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Hye Young Choi 2 Articles
Multilevel Analysis of Factors Associated with Perceived Good Health and Multimorbidity among Older Adults: Using the 2017 Community Health Survey
Sun Joo Boo, Young Ran Han, Hye Young Choi
J Korean Acad Community Health Nurs. 2020;31(Suppl):549-562.   Published online December 31, 2020
DOI: https://doi.org/10.12799/jkachn.2020.31.S.549
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AbstractAbstract PDF
Purpose
This study aimed to identify individual- and regional-level factors associated with perceived good health and multimorbidity among older adults.
Methods
Secondary analysis of the 2017 Korea Community Health Survey was conducted on a sample of 67,532 older adults. The individual level data set was combined with regional-level factors from the administrative data released on the Korea National Statistical Office website. Distribution of perceived good health and multimorbidity in 254 public health centers were calculated using sampling weights and presented as percentages. Multilevel logistic regression analyses were used to identify individual- and regional-level factors associated with perceived good health and multimorbidity.
Results
Overall, 21.1% of subjects perceived their health to be good, ranging from 9.3% to 39.4% by region. The prevalence of multimorbidity was 15.9%, and varied between 6.6% and 22.6% by region. At the individual level, perceived good health was associated with men, younger age, higher educational levels, higher income levels, and those married and living with a partner and maintaining a healthy lifestyle. At the regional level, higher rates of health center personnel among public officials and higher levels of financial independence were associated with perceived good health. Multimorbidity was associated with marital status and healthy lifestyle, and higher rates of health center personnel among public officials.
Conclusion
Regional factors such as health care personnel and local economy could affect population health. Our findings suggest the need to consider individual- and regional-level factors to promote good health among older adults and reduce the health gap by region.
The Knowledge, Attitude and Behavior on Smoking in Elementary School Students
Kwang Ok Lee, Hye Young Choi
J Korean Acad Community Health Nurs. 2000;11(1):209-221.   Published online June 30, 2000
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AbstractAbstract PDF
I began the study to identify the issues related to knowledge. attitude and behavior regarding smoking by sixth graders. which will ultimately lead to the development of a smoking prevention program that will not only help deter school-age children from smoking, but also make them aware of the more desirable behaviors and techniques for healthier life. The results are as follows: 1. Smoking Behavior: Of the focus group. 4.15% are current smokers and 18.23% are ever smokers. 2. Correlation between smoking knowledge and ever smoking: Ever smoking sample(11.10+/-3.66) is less knowledge able than the never-smoking sample(12.17+/-3.95), (t=3.23. p=.001). 3. Correlation between smoking attitude and ever smoking: Ever smoking sample(28.12+/-8.51) was less desirable than the never-smoking sample(12.17+/-3.95). (t=8.24, p=.000). 4. Correlation between smoking Knowledge and smoking attitude: knowledge about smoking and attitude toward smoking are quantitatively correlated in such way that the more knowledgeable the child is about smoking. the more desirable the attitude toward smoking is(r=.17. p=.000). 5. Correlation between socio-anthropological characteristics and ever smoking: family . atmosphere(chi2=16.49. p=.001), school life (chi2=l1.58, p=.003), grades in school(chi2=11.89. p=.003), gender(chi2=8.97. p=.003). friends' gathering place(chi2=13.19. p=.02), marital status of parents(p* =.03). and family's financial status(chi2=6.71. p=.035). In addition, Correlation between somking-environmental characteristics and ever smoking: number of friends who smoke(chi2=76.01. p=.001). information source for smoking(chi2=48.03. p=.001), whether or not siblings smoke(chi2=26.07, p=.001), whether or not female relatives smoke (chi2=15.65. p=.001), whether or not father smokes (chi2=12.10. p=.007), errands to buy cigarettes for someone(chi2=9.18. p=.010), and whether or not male relatives smoke (chi2=8.82. p=.35). 6. Results of the logistic analysis performed to identify the factors correlated to ever smoking show that: one point decrease in attitude score translates to 25.39 times' increase in ever smoking one person decrease in the number of friends who smoke translates to 0.66 times' decrease in ever smoking: the group where the father has quit smoking has 1.40 times more ever smoking than the group where the father does not smoke at all: and likewise, the group where the father currently smokes has 1.40 times more ever smoking than the group where the father has quit smoking. 7. The overall cause-and-effect relationship between the ever smoking and the related factors: attitude toward smoking caused ever smoking by -.43, smoking by friends, by .12, marital status of arents, by .05, school life. by .04, gender, by -.03, and smoking by father, by -.02. Knowledge about smoking (t=-1.67) did not cause significant effects on ever smoking.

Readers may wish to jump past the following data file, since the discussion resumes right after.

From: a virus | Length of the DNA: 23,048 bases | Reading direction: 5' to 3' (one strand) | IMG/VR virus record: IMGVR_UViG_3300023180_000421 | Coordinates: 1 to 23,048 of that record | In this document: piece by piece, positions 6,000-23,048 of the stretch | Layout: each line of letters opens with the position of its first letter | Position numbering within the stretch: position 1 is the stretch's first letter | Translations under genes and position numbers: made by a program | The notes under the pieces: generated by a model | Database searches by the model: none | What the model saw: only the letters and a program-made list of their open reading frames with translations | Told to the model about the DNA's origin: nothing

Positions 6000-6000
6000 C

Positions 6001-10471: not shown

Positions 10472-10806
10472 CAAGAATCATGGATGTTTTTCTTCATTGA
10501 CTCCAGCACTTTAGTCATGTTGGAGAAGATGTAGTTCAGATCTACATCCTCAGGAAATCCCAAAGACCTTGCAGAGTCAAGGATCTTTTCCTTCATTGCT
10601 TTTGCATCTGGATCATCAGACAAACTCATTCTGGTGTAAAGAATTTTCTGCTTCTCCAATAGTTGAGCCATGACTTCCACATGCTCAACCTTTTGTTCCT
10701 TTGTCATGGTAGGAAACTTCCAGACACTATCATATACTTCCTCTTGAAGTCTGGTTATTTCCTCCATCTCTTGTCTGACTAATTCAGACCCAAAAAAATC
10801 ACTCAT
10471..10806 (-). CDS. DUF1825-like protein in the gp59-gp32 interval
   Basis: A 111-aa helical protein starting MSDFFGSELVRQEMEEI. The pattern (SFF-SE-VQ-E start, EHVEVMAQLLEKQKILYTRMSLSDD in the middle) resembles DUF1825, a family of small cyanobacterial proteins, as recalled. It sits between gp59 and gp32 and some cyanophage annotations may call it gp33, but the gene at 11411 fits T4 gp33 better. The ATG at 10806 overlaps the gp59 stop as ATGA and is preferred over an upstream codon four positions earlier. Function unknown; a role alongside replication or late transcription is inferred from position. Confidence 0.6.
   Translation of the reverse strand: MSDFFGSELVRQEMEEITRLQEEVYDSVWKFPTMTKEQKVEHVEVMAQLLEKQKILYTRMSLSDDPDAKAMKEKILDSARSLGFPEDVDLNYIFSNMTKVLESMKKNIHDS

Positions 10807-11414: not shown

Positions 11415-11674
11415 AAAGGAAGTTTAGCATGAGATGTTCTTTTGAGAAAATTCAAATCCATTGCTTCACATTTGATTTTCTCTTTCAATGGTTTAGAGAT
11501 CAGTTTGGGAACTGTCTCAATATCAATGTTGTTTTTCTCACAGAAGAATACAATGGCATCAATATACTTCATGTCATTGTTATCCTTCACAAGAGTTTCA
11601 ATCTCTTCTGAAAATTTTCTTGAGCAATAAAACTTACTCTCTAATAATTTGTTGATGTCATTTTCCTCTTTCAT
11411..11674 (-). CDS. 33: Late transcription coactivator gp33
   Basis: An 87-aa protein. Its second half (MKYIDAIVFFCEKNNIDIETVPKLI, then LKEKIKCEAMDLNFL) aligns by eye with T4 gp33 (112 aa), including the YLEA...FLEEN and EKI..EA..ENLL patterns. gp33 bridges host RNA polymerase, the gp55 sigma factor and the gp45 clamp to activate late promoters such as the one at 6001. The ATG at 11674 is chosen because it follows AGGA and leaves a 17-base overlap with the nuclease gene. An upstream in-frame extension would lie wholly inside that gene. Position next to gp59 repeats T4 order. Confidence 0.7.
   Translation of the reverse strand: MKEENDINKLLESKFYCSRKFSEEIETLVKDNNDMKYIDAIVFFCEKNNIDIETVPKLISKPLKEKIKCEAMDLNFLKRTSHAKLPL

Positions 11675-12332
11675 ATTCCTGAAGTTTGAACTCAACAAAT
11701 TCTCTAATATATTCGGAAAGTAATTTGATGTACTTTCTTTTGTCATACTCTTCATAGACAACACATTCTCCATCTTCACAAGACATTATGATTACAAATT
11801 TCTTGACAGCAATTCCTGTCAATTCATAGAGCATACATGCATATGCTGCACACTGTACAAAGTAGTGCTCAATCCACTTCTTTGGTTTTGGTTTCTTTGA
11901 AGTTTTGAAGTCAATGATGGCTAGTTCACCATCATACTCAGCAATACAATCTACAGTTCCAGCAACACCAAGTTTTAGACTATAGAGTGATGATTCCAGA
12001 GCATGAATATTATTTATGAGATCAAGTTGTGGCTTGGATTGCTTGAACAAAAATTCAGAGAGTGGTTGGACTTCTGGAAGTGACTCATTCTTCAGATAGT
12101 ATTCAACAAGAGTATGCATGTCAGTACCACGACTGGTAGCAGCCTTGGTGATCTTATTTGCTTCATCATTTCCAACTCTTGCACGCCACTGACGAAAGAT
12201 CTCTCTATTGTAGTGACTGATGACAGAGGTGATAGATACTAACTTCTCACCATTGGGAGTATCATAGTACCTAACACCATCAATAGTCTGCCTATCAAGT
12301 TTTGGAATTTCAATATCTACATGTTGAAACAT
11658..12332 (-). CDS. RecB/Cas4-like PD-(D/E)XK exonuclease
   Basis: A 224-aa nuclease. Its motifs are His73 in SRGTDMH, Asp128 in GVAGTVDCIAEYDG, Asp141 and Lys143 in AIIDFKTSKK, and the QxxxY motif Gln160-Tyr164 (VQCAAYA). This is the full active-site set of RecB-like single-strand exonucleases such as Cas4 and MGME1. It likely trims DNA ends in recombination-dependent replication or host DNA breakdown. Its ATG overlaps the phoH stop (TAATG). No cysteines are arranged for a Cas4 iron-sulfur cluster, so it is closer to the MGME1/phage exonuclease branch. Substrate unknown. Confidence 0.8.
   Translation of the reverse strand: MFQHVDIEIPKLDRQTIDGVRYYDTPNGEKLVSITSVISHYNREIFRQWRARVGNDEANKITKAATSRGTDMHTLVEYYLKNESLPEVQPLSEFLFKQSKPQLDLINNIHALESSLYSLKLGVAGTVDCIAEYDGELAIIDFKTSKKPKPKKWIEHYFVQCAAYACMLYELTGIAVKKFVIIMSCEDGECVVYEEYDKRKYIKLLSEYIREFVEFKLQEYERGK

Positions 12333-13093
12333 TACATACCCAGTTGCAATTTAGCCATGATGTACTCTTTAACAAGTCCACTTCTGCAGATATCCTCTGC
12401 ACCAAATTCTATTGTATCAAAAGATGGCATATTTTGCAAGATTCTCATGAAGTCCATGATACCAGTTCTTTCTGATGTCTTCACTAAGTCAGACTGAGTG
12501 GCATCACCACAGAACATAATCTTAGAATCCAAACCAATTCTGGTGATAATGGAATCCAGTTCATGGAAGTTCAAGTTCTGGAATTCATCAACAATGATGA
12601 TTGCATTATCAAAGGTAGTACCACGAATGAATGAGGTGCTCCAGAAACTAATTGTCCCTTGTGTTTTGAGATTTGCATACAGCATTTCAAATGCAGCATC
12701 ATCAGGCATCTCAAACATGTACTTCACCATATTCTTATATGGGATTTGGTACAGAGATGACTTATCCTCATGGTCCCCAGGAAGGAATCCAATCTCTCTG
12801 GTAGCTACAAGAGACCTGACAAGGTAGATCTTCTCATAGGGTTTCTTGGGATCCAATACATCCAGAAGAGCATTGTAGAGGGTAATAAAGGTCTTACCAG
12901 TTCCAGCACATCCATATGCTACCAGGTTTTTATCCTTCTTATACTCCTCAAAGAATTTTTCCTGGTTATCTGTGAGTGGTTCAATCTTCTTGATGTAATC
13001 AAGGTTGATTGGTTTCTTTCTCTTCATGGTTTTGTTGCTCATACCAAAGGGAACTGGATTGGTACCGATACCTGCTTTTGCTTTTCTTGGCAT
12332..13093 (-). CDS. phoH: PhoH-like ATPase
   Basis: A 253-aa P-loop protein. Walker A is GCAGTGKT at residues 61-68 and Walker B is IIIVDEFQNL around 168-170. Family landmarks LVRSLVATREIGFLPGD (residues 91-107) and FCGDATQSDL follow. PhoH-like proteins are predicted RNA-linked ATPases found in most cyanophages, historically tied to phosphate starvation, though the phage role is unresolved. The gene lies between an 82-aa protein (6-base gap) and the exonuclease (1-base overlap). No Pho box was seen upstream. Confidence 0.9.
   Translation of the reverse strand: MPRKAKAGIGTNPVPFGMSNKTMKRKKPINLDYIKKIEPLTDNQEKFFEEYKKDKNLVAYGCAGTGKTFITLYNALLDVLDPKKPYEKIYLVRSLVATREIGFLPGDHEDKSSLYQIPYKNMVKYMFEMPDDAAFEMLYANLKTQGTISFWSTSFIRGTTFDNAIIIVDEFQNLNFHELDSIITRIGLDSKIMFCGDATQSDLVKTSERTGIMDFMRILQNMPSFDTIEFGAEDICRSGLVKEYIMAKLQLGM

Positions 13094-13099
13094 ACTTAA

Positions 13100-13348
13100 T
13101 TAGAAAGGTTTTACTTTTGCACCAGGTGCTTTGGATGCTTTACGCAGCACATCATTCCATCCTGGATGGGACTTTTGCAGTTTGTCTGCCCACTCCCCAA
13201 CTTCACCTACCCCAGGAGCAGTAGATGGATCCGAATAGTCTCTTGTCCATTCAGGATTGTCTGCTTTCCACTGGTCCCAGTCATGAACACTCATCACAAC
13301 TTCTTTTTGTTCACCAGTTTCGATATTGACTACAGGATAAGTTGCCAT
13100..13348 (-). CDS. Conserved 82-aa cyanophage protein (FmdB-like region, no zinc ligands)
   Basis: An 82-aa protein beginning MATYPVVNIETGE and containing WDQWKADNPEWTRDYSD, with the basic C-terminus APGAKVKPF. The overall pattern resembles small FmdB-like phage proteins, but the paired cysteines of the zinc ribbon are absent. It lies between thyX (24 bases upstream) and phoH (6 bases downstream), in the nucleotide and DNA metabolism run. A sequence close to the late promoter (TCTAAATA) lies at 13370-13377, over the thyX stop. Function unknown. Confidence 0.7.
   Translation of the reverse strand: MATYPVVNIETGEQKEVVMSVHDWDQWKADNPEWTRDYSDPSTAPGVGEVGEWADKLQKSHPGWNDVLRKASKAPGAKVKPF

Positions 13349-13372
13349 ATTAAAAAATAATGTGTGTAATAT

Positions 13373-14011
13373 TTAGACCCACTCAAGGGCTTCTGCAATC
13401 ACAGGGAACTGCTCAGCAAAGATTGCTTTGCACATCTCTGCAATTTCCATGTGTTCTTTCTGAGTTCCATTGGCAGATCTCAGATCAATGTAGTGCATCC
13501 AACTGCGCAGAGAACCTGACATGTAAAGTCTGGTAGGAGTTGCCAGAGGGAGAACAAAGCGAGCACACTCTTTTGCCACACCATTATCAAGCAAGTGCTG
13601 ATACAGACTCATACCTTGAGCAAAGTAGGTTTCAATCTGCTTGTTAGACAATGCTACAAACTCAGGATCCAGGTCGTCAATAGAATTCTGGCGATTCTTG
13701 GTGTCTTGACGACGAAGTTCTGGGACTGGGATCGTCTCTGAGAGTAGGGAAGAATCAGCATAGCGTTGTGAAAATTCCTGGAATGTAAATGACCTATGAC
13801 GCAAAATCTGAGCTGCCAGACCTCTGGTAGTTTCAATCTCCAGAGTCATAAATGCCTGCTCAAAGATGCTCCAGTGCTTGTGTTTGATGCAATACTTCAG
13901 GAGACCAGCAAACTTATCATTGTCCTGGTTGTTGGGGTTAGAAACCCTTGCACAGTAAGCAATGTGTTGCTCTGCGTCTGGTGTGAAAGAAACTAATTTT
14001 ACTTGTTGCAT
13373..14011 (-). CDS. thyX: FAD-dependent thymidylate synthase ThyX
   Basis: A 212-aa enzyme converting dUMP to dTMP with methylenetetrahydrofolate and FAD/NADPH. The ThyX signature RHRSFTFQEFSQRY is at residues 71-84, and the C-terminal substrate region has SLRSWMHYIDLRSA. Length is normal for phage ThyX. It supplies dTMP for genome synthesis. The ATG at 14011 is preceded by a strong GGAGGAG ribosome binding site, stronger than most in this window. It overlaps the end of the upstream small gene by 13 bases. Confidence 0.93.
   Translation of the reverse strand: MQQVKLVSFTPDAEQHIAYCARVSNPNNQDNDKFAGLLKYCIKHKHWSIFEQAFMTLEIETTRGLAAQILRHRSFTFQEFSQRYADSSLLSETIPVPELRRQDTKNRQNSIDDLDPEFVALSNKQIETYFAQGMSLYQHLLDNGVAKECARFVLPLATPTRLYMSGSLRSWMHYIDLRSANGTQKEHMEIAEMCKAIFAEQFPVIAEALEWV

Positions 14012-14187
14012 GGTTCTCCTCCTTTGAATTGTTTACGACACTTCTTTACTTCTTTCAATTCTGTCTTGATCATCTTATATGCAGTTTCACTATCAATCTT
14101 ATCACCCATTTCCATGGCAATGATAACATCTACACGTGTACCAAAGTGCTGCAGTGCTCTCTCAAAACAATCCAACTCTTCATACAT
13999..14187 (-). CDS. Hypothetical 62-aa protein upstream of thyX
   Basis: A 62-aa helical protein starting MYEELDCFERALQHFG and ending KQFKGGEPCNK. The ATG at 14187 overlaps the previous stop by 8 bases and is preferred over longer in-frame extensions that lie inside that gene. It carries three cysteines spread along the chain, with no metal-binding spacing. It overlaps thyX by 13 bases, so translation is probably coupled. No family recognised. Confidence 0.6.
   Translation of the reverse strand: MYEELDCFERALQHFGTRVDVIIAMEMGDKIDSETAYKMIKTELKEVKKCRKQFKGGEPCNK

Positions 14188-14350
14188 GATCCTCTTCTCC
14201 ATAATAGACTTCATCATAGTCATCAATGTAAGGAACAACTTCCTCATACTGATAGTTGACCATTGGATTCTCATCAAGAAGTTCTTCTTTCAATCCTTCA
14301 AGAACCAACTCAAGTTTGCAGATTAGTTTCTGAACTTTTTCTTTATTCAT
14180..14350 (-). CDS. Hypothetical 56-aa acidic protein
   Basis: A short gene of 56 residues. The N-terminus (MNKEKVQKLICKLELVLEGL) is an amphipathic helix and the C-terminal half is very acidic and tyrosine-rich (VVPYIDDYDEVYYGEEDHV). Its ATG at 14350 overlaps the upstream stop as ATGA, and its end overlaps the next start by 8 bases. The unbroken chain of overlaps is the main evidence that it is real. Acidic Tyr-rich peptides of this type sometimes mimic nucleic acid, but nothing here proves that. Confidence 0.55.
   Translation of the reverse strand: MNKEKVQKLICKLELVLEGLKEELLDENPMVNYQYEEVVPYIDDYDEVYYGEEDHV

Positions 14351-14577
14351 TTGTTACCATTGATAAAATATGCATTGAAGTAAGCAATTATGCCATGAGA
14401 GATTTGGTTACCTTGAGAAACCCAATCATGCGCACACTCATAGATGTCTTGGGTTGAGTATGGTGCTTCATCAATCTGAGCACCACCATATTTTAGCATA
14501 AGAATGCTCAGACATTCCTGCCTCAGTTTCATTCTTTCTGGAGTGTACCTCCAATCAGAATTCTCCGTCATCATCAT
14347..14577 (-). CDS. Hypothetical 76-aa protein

RCPHN : Research in Community and Public Health Nursing